The deadline to turn in signatures pushing initiatives for Colorado's general-election ballot in November was 3 p.m. August 8, and as Westword was broadcasting a Facebook Live interview with Colorado Secretary of State Wayne Williams, word came down that a U-Haul loaded with petitions for 75 and 78 — which push for more fracking regulation — had just pulled up. Not at the eleventh hour, Williams noted, but closer to midnight.
All told, signatures for eleven initiatives were submitted to the Secretary of State by the deadline, out of more than two dozen measures that were initially proposed. Only one, Initiative 69, also known as ColoradoCare, has already been certified for the ballot. Over the next several weeks, the Secretary of State's Office will be conducting random samplings of the signatures collected for other initiatives to see if they have the nearly 100,000 legit signatures required to get on the ballot.
The proponents of Raise the Bar, Initiative 96, don't think that requirement is stiff enough for a potential change to the Colorado Constitution. They turned in their signatures last week for a measure that, if passed, would raise the number of signatures required to 2 percent of the registered voters in each of Colorado’s 35 State Senate districts — and then require approval by 55 percent of voters in a statewide election in order to amend the state constitution.
Right now, whether a proposal calls for a statutory or a constitutional amendment, proponents must submit qualified signatures equaling only 5 percent of the previous Secretary of State vote total to place the initiative on the ballot — which translates to about 98,000 this round.
Verifying the signatures is only the start of the work at the Secretary of State's Office. Colorado may be the only state in the country that does a thorough cleaning of its voters' rolls every month. Officials do this by using United States Postal Service information as well as other databases. If a mailing, such as a ballot, comes back as undeliverable, "the county is then required to send a confirmation card," says Judd Choate, director of elections for the State of Colorado. If that card comes back as undeliverable, the voter is flipped to inactive by the Secretary of State's office.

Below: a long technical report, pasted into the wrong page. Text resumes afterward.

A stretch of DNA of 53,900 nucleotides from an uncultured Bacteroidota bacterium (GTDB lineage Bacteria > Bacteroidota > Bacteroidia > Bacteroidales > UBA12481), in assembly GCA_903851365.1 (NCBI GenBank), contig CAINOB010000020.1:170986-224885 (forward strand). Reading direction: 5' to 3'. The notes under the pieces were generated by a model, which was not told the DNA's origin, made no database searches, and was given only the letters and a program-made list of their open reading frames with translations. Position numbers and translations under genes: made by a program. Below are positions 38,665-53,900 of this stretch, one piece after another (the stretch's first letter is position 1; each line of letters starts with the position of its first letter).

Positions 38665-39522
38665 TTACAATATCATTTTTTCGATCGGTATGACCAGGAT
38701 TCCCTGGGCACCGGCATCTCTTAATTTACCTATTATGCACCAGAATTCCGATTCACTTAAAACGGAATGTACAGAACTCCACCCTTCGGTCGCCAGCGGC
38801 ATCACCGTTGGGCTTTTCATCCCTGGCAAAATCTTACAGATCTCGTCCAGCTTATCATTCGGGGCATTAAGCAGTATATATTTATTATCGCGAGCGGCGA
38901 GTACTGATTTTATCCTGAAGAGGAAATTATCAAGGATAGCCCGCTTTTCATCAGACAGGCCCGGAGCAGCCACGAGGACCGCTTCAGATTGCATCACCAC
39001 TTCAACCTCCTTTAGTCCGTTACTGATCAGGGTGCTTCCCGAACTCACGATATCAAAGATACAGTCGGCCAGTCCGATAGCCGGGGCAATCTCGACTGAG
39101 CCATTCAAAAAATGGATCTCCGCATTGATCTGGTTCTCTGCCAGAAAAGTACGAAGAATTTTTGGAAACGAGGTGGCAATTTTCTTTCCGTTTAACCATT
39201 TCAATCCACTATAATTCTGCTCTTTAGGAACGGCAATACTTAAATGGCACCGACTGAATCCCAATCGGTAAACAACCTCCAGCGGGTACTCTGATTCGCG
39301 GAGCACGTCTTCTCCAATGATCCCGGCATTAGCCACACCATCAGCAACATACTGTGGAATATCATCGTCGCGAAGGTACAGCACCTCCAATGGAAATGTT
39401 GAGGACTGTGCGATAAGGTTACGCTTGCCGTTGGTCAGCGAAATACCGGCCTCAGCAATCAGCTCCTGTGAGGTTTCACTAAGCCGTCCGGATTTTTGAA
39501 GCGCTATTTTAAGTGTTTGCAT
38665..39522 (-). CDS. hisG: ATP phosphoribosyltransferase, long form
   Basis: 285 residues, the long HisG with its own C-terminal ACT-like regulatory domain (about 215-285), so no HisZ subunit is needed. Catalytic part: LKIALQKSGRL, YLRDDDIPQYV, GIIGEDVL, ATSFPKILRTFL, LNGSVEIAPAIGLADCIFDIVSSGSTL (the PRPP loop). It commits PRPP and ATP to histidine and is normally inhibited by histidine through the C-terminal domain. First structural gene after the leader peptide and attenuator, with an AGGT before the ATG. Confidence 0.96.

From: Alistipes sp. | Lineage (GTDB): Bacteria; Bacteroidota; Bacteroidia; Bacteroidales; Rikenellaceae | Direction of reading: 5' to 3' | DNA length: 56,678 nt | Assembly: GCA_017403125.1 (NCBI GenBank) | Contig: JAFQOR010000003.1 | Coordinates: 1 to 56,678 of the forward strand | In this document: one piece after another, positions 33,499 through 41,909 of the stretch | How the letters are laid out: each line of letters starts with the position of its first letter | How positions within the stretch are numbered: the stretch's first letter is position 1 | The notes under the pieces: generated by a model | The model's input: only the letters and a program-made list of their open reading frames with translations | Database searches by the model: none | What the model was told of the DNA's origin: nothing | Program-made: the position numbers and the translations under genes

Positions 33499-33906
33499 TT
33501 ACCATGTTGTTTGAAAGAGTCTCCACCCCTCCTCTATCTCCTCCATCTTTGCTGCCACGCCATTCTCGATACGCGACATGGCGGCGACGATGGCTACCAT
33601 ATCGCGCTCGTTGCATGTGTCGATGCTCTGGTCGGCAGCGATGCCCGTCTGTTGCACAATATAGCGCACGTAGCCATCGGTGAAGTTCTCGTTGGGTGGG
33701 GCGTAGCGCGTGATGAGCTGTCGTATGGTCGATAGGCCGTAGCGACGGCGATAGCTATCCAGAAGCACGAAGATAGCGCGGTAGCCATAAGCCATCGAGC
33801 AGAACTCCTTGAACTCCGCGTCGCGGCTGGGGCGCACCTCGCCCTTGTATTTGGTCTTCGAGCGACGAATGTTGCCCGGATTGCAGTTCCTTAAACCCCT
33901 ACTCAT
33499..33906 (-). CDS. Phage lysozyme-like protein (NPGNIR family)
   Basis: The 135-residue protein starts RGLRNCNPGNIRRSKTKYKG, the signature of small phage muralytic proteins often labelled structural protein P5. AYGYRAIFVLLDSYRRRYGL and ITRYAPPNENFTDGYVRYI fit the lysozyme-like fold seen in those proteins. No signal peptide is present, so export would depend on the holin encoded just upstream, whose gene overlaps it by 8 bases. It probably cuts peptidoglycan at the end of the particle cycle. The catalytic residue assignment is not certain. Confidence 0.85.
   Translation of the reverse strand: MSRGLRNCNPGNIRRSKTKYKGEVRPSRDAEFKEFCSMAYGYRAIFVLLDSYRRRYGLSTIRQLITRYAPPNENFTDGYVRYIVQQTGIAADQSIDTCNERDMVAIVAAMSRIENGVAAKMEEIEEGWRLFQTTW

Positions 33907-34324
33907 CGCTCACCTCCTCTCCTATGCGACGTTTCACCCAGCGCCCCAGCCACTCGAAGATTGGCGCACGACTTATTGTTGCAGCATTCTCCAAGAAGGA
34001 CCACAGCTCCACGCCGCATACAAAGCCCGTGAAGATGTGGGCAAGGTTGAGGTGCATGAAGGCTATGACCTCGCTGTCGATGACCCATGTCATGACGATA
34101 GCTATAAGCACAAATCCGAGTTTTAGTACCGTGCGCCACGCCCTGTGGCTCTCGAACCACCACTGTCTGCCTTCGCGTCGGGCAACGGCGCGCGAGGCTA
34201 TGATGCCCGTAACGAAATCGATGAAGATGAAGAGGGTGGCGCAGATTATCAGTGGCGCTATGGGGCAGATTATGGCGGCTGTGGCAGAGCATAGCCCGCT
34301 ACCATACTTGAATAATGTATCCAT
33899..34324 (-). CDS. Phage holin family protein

"We as a state have really prioritized list maintenance," Choate adds. "We want the cleanest possible list, because we're a mail-ballot state."
Pretty good for a state whose election system was labeled "rigged" by Donald Trump.
Since Colorado's primary was in June, undeliverable ballots could help account for why the number of active voters in Colorado dropped from July 1 to August 1. "The number may have shifted because primary ballots bounced," says Choate. "We're constantly cleaning the list."
As of July 1, Secretary of State statistics showed the ranks of Colorado's active voters included 980,352 registered Democrats and 988,410 registered Republicans; as of August 1, those numbers had dropped to 953,042 registered Democrats and 964,738 registered Republicans. But the number of inactive voters in each party had increased significantly: to 199,109 Democrats and 173,100 Republicans (from 170,096 and 148,092) respectively.
One category of active voter did not drop during the month: The number of active unaffiliated voters went from 1,003,628 on July 1 to 1,020,697 on August 1, and the number of inactive unaffiliated voters actually dropped: from 280,779 to 278,203. But then, unaffiliated voters weren't mailed primary ballots — and there are plenty of reasons that new Colorado voters might want to register as unaffiliated. (We can think of two right off the bat.)
But being bumped to inactive doesn't mean you can't vote. It just means that the county clerk won't automatically send you a ballot for the next election; you'll have to ask for one or go to a polling place. For that matter, you can register to vote on election day, too: You simply need to prove you've been a resident of Colorado for 22 days.
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